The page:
Alcatel-Lucent (ALU) shares enjoyed a surge on the Deutsche Bank upgrade, but the shares have been bleeding since while bearing the weight of the world. In a recovering global marketplace, investors might be willing to bear some risk with a hopeful high-beta turnaround story like ALU, but Alcatel-Lucent cannot bear the weight of today's world.
Without real evidence of company-specific value creation at earnings, Alcatel-Lucent will not likely garner new share price ground. It's because even while stocks have been broadly higher, the sectors benefiting most from capital inflows into equity funds have been defensive in nature. Dividend paying consumer staples like Johnson & Johnson (NYSE:JNJ) and Procter & Gamble (NYSE:PG), healthcare ideas and utilities have been the stronger performers. Technology stocks, consumer discretionary shares and cyclical energy names have trailed behind. Even healthier peers of Alcatel like Cisco Systems (NASDAQ:CSCO) have had a hard time of it of late, with CSCO shares down fractionally thus far in April against a slighter decline in the SPDR S&P 500 (NYSEARCA:SPY). The leadership of the market says something about Alcatel-Lucent's near-term future if it does exceed analyst expectations and show some signs of real operational turnaround when it reports earnings in late April.
Earnings estimate trends portend trouble for ALU, with the consensus figure for the March quarter adjusted to a per share loss of $0.11 from a loss of $0.08 just 90 days prior, based on data compiled by Yahoo Finance and its partners. The consensus estimate for the full-year 2013 has come down sharply to a per share loss of $0.13, from a per share loss of $0.07 just 90 days ago. The estimate trend paints a skeptical picture for the company that might be digestible by another sort of market, but what we have today is shifting toward the pessimistic of late.
While the investment community celebrated Europe's escape from its sovereign debt crisis in the second half of last year, this year things seem to be falling apart again. There was Cyprus, and we know the eurozone economic forecast has just been ratcheted lower by the European Central Bank. We understand that Germany is experiencing economic contraction. In Asia, we have a surreal geopolitical mess developing, and in China the government is taking serious steps to put the brakes on real estate development. The nation's suspect growth is not what it used to be, and for good reason considering the issues of the Europeans. Finally, in the U.S., the economic reality is proving to be something different than what the market was expecting earlier this year.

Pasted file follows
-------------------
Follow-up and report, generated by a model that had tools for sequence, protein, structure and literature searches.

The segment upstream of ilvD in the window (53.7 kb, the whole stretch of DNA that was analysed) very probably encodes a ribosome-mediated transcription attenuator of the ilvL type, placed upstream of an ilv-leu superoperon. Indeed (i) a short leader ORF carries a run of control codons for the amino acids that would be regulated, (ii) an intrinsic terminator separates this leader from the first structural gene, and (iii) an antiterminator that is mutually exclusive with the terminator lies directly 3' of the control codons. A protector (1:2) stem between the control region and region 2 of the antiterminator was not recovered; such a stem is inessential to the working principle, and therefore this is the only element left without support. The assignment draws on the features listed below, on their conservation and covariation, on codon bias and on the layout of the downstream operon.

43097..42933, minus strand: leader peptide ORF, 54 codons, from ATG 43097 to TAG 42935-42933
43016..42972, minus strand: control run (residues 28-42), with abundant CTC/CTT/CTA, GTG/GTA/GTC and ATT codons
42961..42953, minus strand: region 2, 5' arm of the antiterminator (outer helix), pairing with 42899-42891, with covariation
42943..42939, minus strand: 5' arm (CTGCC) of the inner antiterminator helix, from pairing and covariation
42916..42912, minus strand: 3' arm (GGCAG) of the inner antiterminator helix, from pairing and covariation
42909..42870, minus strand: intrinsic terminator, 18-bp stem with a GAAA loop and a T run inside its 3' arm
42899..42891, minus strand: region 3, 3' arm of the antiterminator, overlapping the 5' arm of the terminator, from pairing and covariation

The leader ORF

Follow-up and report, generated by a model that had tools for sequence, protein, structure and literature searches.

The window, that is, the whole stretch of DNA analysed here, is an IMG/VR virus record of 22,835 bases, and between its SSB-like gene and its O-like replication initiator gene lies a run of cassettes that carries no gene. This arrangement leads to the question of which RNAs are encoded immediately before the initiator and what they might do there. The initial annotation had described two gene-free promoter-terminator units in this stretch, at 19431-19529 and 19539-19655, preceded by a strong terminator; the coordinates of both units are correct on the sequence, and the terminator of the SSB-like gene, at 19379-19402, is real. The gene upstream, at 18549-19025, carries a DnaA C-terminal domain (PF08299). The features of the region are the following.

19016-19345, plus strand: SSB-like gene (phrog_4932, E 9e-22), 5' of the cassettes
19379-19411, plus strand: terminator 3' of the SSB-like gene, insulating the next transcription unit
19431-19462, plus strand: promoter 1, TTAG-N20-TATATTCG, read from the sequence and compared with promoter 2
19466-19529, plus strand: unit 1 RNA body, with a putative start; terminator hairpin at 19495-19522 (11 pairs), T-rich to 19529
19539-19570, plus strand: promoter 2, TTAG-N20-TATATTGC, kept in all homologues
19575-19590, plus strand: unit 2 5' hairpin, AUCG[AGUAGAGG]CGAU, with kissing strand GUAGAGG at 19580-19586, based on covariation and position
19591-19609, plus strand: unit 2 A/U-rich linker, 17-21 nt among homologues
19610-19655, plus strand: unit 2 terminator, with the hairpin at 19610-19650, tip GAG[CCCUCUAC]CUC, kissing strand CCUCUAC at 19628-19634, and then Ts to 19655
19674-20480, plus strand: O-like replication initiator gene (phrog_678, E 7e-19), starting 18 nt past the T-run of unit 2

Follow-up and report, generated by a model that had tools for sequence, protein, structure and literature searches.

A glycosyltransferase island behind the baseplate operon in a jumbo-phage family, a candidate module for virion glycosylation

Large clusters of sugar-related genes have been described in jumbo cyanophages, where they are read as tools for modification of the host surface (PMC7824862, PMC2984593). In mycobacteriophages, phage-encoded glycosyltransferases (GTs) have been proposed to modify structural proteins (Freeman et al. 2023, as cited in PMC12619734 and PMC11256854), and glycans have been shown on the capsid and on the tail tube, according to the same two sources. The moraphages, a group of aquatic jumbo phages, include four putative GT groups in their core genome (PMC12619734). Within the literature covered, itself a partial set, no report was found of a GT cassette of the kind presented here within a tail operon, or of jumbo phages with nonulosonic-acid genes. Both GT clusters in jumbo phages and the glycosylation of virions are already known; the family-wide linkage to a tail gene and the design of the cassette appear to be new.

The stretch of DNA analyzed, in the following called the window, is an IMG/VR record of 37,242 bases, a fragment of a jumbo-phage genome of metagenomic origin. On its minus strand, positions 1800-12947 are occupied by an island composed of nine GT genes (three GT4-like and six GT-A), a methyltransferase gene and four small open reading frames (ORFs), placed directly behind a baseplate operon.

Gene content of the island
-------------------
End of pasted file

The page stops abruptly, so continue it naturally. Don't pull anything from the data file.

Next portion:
When things seemed rosy and the SPDR S&P 500 was climbing, the 2.2 beta-bearing ALU was climbing higher, but now that the market's outlook is in question, the same name is sinking. Even despite the upgrade by Deutsche Bank and the share price surge that followed, ALU is still down in April and has been heading lower of late. This week's data might have offered some sort of support, but I suspect retail sales and earnings season forewarnings will instead weigh on stocks, especially considering the job shedding seen in retail last month (24,000 jobs shed). That is not good news for the type of story the high-beta hopeful turnaround stock is telling.
While ALU is still above my $1.20 target, it was recently approaching it, having marked $1.27 intraday on April 3rd, the day before the Deutsche Bank upgrade. Given the tone of trading today, the EPS estimate trend of the company and its recent reporting disappointments (at least 4 consecutive EPS misses against estimates), I think it's too much to ask of ALU to bear the weight of today's world. I expect we will hit my target and I would sell the shares into it. It may not seem like much in dollars and cents, but it's 10.4% down to it nonetheless.
Disclosure: I have no positions in any stocks mentioned, and no plans to initiate any positions within the next 72 hours. I wrote this article myself, and it expresses my own opinions. I am not receiving compensation for it (other than from Seeking Alpha). I have no business relationship with any company whose stock is mentioned in this article.